Built environments can shape how active an individual is, while policy decisions made decades ago impact health disparities today. To address these critical social determinants of health, experts are calling for increased cooperation between urban planners and the public health field.
In November 2021, the US Senate passed the bipartisan Infrastructure Investment and Jobs Act (IIJA), a $1 trillion bill aimed at rebuilding the nation’s roads, funding new climate resilience initiatives, and addressing, in part, past decisions that contribute to present-day health disparities.
“For the transportation world, I kind of feel like this is huge, because we’ve been talking about equity without really always doing equity for a long time,” said Leigh Ann Von Hagen, AICP, PP, a planning practitioner, managing director and adjunct professor with the Alan M. Voorhees Transportation Center, and a founder of the Planning Healthy Communities Initiative at the Edward J. Bloustein School of Planning and Public Policy at Rutgers University.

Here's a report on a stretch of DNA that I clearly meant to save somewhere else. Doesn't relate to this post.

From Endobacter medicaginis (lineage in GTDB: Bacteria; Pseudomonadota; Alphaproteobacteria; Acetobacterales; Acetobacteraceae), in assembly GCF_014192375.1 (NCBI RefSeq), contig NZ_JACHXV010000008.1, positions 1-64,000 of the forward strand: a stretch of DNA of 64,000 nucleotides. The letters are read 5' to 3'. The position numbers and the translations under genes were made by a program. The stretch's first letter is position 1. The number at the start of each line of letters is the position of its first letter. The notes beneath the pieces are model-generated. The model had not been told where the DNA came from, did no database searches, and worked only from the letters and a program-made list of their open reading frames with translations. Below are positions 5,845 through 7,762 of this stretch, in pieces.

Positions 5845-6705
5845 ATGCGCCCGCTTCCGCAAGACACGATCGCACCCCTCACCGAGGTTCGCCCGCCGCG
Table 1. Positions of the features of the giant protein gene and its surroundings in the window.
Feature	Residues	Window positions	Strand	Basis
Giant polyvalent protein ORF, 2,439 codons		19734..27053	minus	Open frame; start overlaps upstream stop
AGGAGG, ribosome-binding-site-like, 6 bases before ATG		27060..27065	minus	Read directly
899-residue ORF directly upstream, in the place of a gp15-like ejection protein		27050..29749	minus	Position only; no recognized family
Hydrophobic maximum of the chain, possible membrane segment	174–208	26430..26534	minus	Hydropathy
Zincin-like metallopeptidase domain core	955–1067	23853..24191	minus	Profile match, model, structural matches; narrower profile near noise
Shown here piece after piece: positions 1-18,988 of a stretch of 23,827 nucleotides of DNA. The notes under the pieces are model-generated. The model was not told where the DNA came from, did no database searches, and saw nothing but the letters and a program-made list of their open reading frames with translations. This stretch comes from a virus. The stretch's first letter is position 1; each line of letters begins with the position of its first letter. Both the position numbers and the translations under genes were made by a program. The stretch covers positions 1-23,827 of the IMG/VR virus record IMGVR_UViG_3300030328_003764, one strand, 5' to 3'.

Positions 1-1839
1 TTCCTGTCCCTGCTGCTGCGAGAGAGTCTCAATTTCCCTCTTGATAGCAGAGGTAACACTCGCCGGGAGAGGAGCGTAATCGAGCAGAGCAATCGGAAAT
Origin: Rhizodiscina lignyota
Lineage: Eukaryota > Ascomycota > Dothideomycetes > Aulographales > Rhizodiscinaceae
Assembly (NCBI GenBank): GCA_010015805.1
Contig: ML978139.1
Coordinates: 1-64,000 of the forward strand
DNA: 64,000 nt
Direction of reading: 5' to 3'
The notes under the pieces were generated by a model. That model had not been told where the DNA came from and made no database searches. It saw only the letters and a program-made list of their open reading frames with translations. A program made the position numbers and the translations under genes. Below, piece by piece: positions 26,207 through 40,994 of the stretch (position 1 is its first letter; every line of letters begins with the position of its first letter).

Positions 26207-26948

One facet of the IIJA includes a census tract mapping element, where planners looking to receive a Rebuilding American Infrastructure with Sustainability and Equity (RAISE) grant would highlight areas of persistent poverty and historically disadvantaged communities.